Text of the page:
CommentaryOPINION

Why should we be interested in sports?  

By Koon Yew Yin

Before the start of the Roland Garros tennis men finals at 9pm last night, I sent some message alerts about it to a few friends through my chat groups on WhatsApp. I was so surprised to find out that so few people were interested to watch. I thus realised the importance of writing this piece. 

About 20 years ago, I went to watch the Tennis Grand Slam in Wimbledon, London. Unfortunately, due to COVID-19, the management of Wimbledon had to cancel the tournament for this year and issue refunds to all ticket holders. 

I also have been to Crystal Palace Football Stadium to watch a football match. I have been to St Andrew, Scotland to watch the British Golf Open. 

I would like to share my experience. When I was in school, I used to play badminton, football, basketball and tennis. I was not good at running because I have shorter legs. But I was very good at playing badminton and was selected to be captain in school and also in college. In 1951, Malaya beat the Americans in America and brought back the famous badminton Thomas Cup. Malaya was the world badminton champion for many years. 

I was a crazy golfer.

In 1962, when I started practising as an engineering consultant in KL, I joined the Royal Selangor Golf Club. The entrance fee was only RM750. I must say, golf is an addictive game. I was so crazy about it that when I retired from active work, I bought a house in London and delivered a BMW from Munich, Germany just for the sake of playing golf.

I took my constant golf friends to play golf all over England. My constant golf partners were Too Joon Loke who was Malaysian Golf Champion, Tan Jin Yong who was a Thomas cup player, and Tan Seri Ahmad Azizzuddin who was Chairman of IJM Corporation Bhd. The photo below was taken in front of the famous Gleneagles golf club, which is very close to St Andrews.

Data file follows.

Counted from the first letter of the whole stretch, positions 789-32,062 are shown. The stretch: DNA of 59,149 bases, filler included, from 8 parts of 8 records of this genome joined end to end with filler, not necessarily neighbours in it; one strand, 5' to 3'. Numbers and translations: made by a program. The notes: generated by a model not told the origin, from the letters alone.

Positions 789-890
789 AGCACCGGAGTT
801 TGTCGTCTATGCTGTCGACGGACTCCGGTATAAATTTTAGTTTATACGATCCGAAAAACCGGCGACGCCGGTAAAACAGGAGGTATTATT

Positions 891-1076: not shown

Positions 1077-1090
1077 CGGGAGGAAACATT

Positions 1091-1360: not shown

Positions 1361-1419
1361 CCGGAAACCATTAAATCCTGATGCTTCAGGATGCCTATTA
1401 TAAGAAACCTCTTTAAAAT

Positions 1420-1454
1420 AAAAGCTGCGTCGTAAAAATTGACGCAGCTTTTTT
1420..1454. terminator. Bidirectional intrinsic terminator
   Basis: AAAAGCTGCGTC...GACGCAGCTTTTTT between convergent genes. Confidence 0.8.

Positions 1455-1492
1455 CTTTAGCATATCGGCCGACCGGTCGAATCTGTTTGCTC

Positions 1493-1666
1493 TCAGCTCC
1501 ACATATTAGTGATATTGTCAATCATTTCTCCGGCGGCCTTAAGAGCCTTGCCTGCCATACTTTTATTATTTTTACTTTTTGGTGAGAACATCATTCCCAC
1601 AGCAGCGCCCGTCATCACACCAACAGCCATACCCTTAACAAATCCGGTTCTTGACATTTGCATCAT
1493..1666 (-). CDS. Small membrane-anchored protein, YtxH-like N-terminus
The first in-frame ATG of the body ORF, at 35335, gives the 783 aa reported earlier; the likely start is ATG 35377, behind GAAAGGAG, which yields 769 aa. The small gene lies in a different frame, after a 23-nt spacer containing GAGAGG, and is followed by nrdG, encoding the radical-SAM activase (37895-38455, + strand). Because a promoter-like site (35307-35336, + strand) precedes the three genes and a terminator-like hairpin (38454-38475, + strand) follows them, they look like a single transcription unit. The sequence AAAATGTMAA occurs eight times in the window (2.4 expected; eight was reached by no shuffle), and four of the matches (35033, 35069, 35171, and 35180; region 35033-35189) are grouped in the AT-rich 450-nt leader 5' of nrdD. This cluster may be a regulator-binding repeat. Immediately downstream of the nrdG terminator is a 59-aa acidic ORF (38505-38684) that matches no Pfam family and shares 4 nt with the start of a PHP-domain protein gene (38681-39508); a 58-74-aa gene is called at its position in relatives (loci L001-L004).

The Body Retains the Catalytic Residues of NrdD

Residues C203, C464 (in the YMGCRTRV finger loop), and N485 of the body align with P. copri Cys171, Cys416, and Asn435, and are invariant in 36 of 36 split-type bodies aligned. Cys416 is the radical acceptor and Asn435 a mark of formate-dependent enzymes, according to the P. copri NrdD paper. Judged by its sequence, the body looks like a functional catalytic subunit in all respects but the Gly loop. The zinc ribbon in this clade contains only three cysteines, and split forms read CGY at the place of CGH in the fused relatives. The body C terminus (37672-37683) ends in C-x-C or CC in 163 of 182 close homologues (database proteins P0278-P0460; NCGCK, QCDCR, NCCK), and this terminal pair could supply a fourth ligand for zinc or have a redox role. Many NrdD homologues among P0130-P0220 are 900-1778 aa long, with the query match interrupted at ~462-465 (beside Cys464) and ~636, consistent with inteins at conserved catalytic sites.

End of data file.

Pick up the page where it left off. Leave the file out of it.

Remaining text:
Let me tell you an interesting lesson I learned about human nature. The 3 people from the left were Dr Lee, Too Joon Loke and Banker Ho Lean Foo. Dr Lee took leave from his busy practice in London to join us in playing golf in all the famous golf courses including Gleneagles and St Andrews. As usual we had small bets among ourselves. Due to a small dispute, Dr Lee lost his temper and flew back to London. The pride of winning a few pounds was more important than the cost of flying back to London. It showed how pride could be more important to some than money. 

The senior golfer’s society organises an annual tournament in Colorado Spring in US every year. Each country sends 10 representatives. About 30 years ago, the captain of our senior golfers, Tan Yee Choon rang to tell me that one of the selected golfers could not go and invited me to join the team. Wah! I went along and enjoyed myself.  

Besides health benefits, I’ve learned that sports also play an important role in imparting character values. Playing sports can help teach honesty, teamwork and fair play. Learning to follow rules and respecting both teammates and opponents can also be useful in building our social skills. Experiencing the role of a graceful winner and loser teaches people about being humble, and competition in general can teach individuals about self-respect, confidence and managing stress. Taking on leading roles within your team can also teach leadership. 

In fact, the lessons I learned from sports helped me in doing business. Moreover, physical exercise is helping me live a happy long life. 

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